JPMorgan, the biggest U.S. bank, has predicted that Bitcoin could theoretically meet a long-term pie-in-the-sky target of $146,000.
As the strategist Nikolaos Panigirtzoglou points out, such immense profits might be achieved if Bitcoin manages to crowd out gold, but he also warns that the phenomenon is not going to happen immediately, as some bulls may expect:
A convergence in volatilities between Bitcoin and gold is unlikely to happen quickly and is in our mind a multiyear process. This implies that the above-$146,000 theoretical Bitcoin price target should be considered as a long-term target, and thus an unsustainable price target for this year.
Image by jpmorgan.com
While some expect that Bitcoin will trade in the $50,000-$100,000 range this year, JPMorgan’s strategists warn the permabules that such amounts will be “unsustainable” in 2021.
However, the bank does not rule that the biggest cryptocurrency will potentially meet those crazy goals this year due to speculative fervour.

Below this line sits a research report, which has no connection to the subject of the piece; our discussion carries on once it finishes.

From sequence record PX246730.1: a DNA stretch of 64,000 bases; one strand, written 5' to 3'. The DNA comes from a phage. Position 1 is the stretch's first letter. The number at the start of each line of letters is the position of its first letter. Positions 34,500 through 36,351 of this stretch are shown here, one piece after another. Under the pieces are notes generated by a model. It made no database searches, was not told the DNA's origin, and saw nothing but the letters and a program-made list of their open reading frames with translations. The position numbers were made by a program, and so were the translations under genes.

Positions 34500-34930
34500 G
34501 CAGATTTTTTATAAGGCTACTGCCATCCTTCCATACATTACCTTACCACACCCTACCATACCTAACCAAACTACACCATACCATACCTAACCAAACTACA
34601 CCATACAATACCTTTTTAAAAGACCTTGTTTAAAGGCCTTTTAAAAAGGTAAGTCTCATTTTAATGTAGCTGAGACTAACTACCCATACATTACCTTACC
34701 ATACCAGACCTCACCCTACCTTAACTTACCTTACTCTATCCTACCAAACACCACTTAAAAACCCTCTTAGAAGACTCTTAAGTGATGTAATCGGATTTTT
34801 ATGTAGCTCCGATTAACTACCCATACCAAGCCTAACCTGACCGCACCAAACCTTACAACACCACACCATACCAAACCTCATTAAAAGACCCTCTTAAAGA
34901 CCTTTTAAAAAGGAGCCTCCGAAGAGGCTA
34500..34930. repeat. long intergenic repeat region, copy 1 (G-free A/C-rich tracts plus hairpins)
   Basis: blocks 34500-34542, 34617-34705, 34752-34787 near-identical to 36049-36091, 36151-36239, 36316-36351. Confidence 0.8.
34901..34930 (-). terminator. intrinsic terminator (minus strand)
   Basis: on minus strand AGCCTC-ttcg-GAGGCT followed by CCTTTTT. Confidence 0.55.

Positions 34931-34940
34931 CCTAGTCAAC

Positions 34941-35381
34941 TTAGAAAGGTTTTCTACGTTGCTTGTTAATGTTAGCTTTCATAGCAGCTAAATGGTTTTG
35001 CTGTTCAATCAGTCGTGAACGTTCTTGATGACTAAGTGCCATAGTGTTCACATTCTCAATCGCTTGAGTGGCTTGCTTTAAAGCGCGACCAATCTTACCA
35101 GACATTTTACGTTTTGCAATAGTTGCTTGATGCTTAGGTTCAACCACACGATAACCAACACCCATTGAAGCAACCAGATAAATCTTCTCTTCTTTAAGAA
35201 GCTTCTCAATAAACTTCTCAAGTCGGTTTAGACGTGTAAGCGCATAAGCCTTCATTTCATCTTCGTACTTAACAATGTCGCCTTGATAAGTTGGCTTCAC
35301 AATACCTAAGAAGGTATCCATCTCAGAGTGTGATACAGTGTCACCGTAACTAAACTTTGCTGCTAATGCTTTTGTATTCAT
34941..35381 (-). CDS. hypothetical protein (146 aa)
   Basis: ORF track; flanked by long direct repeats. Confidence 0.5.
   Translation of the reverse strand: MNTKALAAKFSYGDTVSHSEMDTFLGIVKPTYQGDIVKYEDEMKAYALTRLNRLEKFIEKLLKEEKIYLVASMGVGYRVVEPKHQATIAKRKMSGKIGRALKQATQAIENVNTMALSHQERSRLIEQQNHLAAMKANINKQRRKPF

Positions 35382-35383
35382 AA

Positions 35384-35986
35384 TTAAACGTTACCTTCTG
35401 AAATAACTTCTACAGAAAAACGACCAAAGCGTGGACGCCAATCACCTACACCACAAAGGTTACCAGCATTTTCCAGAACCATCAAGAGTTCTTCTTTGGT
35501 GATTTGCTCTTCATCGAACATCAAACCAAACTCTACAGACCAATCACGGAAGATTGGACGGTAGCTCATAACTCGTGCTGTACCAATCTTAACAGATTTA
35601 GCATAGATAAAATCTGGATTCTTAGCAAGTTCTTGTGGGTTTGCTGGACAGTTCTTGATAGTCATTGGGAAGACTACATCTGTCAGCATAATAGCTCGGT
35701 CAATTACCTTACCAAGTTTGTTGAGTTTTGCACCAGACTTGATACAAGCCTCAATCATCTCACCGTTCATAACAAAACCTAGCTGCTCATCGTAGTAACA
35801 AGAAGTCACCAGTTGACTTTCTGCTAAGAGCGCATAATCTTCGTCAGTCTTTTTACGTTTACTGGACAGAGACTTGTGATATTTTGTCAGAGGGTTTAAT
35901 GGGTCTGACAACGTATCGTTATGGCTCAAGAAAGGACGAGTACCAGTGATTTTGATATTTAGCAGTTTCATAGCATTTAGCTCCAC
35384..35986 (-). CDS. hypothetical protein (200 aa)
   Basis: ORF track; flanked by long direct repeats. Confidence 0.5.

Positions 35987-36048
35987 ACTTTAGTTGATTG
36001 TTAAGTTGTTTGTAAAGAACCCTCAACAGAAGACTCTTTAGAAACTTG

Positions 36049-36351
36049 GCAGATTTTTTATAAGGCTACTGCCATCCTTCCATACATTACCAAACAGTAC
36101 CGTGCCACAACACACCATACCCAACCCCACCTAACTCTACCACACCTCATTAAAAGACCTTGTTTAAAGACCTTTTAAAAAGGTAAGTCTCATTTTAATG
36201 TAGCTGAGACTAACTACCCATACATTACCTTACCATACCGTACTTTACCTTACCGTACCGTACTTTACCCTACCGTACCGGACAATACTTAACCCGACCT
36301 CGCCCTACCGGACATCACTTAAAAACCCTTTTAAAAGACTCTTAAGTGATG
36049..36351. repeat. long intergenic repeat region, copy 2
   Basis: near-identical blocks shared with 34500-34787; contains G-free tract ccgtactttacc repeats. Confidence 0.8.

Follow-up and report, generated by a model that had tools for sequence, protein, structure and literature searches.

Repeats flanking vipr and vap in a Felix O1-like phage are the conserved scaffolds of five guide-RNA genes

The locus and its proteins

Bitcoin climbed to a new all-time high of $34,800 on Jan. 3 before dropping below the $28,000 mark the next day in its biggest decline since “Black Thursday” in March 2020.
Bitcoin’s stock-to-flow value model—which has been accurate so far—projects that by the end of 2021, Bitcoin could reach $100,000.
The goals of JPMorgan should be treated with a pinch of salt. At the end of November, when Bitcoin was still approaching all-time highs, Panigirtzoglou had to backtrack on his previous forecast that commodity trading advisors might thwart his rally:
Bitcoin’s continued rally is challenging our previous assessment that overbought positions by momentum traders such as CTAs could potentially trigger profit taking or mean reversion flows over the near term.
JPMorgan predicted that hedge funds and insurance firms could spend at least $600 billion in Bitcoin.
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